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Traducido por El Planeta Media.
As coronavirus vaccines roll out, the temptation to relax COVID-19 precautions and restrictions grows ever more enticing. After all, some of us may already be immune. How good would it feel to have a hug just once in a while with a dear friend, or to free your nose from under the mask’s misty cover for a breath of cool, crisp air?
Vaccines may one day allow us to uncover our faces and bring the pandemic to an end, but they won’t do much to lower COVID deaths for at least the next few months, says Dr. Benjamin Linas, an epidemiologist at Boston University. According to statistical models he developed with colleagues from Massachusetts General Hospital and Georgia Tech, the number of lives saved by basic coronavirus mitigation measures — like masking, physical distancing and testing — are likely to eclipse the number of lives saved by vaccines over the next year.
That’s because it will take time for vaccines’ effect on the pandemic to be felt. At the moment, only about 7% of Americans have received at least one dose of the Pfizer or Moderna vaccine. Only about 6% of Massachusetts residents have gotten at least one dose, and it will be months longer still before a majority of the population is expected to receive a vaccine. Until then, Linas says, masks, distancing, testing and other basic mitigation measures are the only things really protecting people from COVID.
“That’s what’s saving us right now. The vaccines are doing nothing right now at a population level [for transmission]. Like, it’s just barely gotten out there,” Linas says.
At a hypothetical 300,000 vaccinations per day, Linas and his colleagues’ model suggests that the vaccines will only make a marginal difference in deaths for the next few months. Take masking and distancing away, and the model predicts the death rate would shoot up to over 15,000 deaths per day in April, even with the vaccines. With the emergence of more infectious variants like B.1.1.7, Linas says that number might be even greater.
“The reality is the vaccine is not a silver bullet. It’s obviously really important, but it’s not like, 'Yay we have the vaccine, all our problems are solved,' ” Linas says. “If you want to get to a world where we can start to loosen [restrictions] over the summer or next fall, put your masks on and don’t take them off.”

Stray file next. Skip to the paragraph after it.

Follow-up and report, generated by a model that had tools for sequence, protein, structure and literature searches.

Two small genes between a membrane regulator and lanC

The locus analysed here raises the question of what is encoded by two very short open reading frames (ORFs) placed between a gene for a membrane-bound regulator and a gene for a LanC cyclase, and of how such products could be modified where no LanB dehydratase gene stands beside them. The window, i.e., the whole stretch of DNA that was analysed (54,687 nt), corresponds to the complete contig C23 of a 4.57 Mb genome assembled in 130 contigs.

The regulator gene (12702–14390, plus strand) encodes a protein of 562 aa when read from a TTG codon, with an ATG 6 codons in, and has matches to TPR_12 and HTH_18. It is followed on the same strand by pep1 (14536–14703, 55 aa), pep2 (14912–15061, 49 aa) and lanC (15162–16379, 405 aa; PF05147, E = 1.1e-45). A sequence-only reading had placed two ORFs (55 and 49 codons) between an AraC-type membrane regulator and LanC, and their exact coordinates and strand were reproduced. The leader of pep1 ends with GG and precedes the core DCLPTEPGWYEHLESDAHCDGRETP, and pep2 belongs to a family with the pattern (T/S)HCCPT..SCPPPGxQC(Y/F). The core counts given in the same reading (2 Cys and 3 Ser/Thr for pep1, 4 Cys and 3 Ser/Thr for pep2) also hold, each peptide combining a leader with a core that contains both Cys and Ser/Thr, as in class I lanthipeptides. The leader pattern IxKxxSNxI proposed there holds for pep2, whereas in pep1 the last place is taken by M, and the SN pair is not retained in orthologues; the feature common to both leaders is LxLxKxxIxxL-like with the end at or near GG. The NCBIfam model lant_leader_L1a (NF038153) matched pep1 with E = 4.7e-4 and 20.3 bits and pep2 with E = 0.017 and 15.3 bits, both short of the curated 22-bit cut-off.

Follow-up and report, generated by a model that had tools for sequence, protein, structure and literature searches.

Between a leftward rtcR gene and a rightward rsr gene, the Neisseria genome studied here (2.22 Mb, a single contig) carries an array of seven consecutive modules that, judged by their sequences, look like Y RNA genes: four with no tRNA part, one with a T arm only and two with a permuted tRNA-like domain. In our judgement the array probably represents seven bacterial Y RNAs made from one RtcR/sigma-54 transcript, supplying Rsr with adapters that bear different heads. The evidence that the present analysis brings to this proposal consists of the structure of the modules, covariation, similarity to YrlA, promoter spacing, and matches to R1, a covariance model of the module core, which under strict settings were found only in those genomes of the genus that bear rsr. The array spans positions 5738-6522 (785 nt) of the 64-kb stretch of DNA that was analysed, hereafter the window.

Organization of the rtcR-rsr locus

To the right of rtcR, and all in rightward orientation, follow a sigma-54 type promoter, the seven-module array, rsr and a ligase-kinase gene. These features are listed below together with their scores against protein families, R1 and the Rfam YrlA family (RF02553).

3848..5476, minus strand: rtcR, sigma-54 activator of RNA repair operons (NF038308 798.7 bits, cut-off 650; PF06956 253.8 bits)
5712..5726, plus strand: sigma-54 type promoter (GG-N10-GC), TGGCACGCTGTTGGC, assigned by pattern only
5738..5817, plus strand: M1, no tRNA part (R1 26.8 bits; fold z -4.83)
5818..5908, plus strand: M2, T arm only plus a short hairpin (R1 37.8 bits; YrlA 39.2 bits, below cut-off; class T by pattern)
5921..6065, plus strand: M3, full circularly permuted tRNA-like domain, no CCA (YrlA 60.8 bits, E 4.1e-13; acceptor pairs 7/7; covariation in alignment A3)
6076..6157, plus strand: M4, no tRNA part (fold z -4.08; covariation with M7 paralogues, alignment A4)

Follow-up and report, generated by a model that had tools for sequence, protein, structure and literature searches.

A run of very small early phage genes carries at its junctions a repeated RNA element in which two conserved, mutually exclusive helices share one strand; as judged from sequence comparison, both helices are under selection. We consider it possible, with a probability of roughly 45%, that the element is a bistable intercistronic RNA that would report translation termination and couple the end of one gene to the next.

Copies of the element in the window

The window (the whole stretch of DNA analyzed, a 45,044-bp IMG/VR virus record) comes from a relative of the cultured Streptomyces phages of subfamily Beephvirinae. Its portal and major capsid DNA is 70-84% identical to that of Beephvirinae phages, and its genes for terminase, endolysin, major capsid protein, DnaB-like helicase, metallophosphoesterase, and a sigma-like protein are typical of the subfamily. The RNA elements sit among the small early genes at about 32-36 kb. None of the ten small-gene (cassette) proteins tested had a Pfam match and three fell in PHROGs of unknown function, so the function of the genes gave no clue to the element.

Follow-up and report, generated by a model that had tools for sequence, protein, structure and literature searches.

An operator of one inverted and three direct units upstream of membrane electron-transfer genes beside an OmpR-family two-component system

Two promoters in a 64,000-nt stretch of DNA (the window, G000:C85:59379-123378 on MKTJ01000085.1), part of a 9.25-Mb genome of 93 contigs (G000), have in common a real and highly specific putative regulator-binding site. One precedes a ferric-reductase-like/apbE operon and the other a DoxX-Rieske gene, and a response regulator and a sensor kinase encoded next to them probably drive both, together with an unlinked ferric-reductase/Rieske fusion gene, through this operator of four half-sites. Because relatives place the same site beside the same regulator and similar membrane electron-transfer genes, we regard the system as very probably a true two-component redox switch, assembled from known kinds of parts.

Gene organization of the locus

The model’s predictions are already playing out in one country where vaccinations are high but compliance with mitigation measures isn’t, says Dr. Shira Doron, a hospital epidemiologist at Tufts Medical Center. Israel is leading the world in COVID-19 vaccinations at the moment, but cases hit a new high this month.
“They’re vaccinating as fast as they can, way faster than anyone else in the world,” Doron says. “And yet their deaths are increasing. So yeah, [vaccinations] cannot work alone.”
Doron says that suggests vaccines aren't slowing the pandemic down, at least not yet. Only disciplined adherence to masking and distancing can do that right now. Even those who have already been vaccinated should not let their guard down, Doron says. Since the vaccines are effective in 95% of people who receive two doses, that still means one out of every 20 people won't become fully immune to the virus.
“Even when vaccinated, with a huge number of cases there’s still a huge sort of risk around you,” Doron says. “Even the vaccinated people need to keep doing the mitigation measures, or they’ll be part of the problem.”
Time is also of the essence, Linas says. Of course, the sooner people are vaccinated, the quicker they're protected and deaths will begin to drop. But with the emergence of the more infectious variant B.1.1.7, Linas says more variants are certainly on their way. If only part of the population is vaccinated, then the virus has a greater likelihood of evolving — and in ways that may evade the vaccine's defenses.
"If you go through a long period where some are vaccinated but not everyone, and there's still ongoing transmission, that's when viruses start to mutate and skip the vaccine," Linas says. "If everyone is vaccinated, the virus extinguishes. So that's another reason we have to go fast. Faster is better."
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